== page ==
The more effective parenting approach is to catch kids doing something right: “You made your bed without being asked — that’s terrific!” or “I was watching you play with your sister and you were very patient.” These statements will do more to encourage good behavior over the long run than repeated scoldings.
Make a point of finding something to praise every day. Be generous with rewards — your love, hugs, and compliments can work wonders and are often reward enough. Soon you will find you are “growing” more of the behavior you would like to see.
Set Limits and Be Consistent With Your Discipline:
Discipline is necessary for every household. The goal of discipline is to help kids choose acceptable behaviors and learn self-control. They may test the limits you establish for them, but they need those limits to grow into responsible adults.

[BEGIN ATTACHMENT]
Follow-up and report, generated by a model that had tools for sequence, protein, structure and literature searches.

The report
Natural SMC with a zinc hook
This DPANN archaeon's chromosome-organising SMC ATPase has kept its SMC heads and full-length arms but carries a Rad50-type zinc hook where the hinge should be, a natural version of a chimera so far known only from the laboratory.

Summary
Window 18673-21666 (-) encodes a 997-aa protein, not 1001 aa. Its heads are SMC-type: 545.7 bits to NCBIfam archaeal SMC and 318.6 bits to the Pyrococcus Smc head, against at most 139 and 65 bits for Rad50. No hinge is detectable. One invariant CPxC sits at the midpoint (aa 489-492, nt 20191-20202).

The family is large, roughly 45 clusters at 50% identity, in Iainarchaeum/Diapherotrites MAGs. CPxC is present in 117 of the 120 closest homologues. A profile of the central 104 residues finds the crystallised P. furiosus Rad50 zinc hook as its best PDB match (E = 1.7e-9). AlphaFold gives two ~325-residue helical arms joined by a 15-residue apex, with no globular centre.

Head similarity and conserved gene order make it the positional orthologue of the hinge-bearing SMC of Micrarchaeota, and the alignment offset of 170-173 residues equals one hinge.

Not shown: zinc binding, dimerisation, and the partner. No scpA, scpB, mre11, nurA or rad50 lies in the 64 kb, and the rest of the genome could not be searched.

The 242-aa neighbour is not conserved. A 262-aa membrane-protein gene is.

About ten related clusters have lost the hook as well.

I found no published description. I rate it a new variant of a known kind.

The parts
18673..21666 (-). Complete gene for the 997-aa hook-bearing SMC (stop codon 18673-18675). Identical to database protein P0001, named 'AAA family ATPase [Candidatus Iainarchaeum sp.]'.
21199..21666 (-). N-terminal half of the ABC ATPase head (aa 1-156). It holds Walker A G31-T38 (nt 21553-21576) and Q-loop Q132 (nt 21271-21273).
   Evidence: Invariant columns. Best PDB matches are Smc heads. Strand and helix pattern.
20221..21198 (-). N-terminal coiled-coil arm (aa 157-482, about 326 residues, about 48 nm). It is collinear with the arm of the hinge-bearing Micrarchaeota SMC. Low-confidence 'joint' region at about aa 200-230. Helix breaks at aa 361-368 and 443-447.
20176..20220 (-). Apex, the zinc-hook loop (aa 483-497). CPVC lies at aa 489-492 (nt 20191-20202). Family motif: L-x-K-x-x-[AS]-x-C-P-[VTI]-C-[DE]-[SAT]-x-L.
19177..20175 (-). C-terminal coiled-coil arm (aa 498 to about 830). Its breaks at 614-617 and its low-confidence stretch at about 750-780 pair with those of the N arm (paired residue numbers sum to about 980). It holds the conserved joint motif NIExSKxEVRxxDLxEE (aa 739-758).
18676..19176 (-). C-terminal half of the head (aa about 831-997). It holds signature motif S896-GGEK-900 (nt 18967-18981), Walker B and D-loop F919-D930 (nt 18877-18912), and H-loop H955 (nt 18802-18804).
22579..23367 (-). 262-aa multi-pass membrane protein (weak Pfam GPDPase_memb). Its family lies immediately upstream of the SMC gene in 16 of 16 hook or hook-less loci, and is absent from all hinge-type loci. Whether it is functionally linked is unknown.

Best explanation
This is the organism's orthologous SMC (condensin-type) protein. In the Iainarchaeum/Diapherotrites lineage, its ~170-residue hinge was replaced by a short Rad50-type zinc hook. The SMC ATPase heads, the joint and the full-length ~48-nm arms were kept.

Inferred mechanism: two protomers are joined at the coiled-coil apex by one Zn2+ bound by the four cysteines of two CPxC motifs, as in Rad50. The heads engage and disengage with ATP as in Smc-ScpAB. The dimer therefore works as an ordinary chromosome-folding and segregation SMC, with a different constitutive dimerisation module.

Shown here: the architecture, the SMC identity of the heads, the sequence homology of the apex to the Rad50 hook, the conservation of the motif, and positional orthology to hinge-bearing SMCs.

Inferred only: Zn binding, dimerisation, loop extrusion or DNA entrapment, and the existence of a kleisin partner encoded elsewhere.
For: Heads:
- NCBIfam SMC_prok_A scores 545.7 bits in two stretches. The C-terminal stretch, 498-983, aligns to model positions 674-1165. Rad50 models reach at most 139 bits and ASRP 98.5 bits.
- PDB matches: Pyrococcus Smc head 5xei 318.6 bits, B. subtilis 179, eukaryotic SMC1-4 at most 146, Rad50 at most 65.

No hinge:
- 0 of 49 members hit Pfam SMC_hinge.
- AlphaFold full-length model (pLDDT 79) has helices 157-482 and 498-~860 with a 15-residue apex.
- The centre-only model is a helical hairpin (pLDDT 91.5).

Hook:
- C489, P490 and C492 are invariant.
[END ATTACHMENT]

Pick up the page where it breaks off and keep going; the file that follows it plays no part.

Establishing house rules helps kids understand your expectations and develop self-control. Some rules might include: no TV until homework is done, and no hitting, name-calling, or hurtful teasing allowed.
You might want to have a system in place: one warning, followed by consequences such as a “time out” or loss of privileges. A common mistake parents make is failure to follow through with the consequences. You can’t discipline kids for talking back one day and ignore it the next. Being consistent teaches what you expect.
Make Time for Your Kids: